In 1951, he reduced his salary from Rs 10000 to Rs 5000 and again in 1957 from Rs 5000 to Rs 2500. Even in those days, it was a rare feat which has not been repeated by anyone holding such a high till date.
The President knew full well the implications of his action. In a letter written to a member of his staff Gyanwati Darbar, on July 17, 1960, he says:
“…..It was all so easy and looked nice and sounded very patriotic to announce the voluntary cut. But the difficulty arises now when I have to frame a budget within what I shall get after deducting the taxes. A great part of expenses is for the education of my grandchildren. People may say that I am not under obligation and it is for the parents of the children to meet the expenses of their education. But I have so long been meeting the expenses and it is difficult for me to think that the parents will be able to meet the expenses without discomfort and inconvenience. But there is no help. Education is very expensive now and it is becoming more and more difficult for all middle-class people to meet them. Why should I consider it necessary to be unlike others of my class and group and not be content with what others have to be content with? That is reason—but life is more than reason—there is sentiment also.”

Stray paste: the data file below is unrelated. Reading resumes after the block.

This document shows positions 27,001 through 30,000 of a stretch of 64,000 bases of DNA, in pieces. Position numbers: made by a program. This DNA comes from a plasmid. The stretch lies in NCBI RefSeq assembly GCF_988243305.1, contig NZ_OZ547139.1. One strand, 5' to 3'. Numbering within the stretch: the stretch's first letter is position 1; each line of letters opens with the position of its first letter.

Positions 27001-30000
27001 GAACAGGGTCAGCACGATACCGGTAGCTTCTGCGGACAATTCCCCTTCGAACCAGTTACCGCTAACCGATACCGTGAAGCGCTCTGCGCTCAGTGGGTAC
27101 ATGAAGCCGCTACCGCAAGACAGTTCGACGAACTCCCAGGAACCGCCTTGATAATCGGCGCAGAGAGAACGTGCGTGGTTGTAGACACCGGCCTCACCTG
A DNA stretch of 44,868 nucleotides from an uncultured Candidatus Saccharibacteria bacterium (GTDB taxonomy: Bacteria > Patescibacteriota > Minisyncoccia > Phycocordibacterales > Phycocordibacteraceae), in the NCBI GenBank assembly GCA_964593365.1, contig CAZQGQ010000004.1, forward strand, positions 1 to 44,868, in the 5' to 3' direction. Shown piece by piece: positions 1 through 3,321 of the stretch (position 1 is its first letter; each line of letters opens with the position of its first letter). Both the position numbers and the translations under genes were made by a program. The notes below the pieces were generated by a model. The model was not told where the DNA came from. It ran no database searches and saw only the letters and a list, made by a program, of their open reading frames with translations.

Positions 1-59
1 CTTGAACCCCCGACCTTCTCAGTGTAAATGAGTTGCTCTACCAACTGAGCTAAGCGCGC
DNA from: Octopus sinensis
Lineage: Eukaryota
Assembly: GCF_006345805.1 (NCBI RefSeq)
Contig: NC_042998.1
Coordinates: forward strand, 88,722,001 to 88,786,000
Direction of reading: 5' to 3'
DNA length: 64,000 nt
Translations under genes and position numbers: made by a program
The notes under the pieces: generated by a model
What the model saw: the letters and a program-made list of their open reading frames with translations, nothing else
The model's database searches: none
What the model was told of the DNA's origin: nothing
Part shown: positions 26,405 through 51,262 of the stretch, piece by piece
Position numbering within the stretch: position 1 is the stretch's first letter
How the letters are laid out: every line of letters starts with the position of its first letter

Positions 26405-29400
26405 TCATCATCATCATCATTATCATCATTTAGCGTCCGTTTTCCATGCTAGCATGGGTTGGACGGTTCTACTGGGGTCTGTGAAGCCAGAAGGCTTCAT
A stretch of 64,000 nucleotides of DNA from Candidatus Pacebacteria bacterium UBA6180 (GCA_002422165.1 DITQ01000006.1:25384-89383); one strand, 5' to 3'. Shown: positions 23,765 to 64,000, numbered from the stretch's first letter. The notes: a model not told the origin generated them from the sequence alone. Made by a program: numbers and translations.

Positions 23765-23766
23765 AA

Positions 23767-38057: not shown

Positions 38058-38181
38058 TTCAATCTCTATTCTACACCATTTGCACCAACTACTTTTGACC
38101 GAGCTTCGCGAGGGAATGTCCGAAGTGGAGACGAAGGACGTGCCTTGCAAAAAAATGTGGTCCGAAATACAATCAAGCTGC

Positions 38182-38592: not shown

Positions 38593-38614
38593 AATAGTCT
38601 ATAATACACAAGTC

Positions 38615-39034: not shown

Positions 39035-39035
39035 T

In another letter to her, he observes:
“….I have not been able to save any mentionable amount for my old age (he was in his late seventies at that time) and will have to depend on such pension as may be allowed to me. Why is it that is the position now? It is true I have to look after a great part of the family and also to meet largely the expenses of education of the children and the marriage of the girls, still, I should not think of this at this stage in my life.”
However, even this noble gesture made by the late President was misconstrued by some people who described it as a part of his strategy to remain in office for the third consecutive term.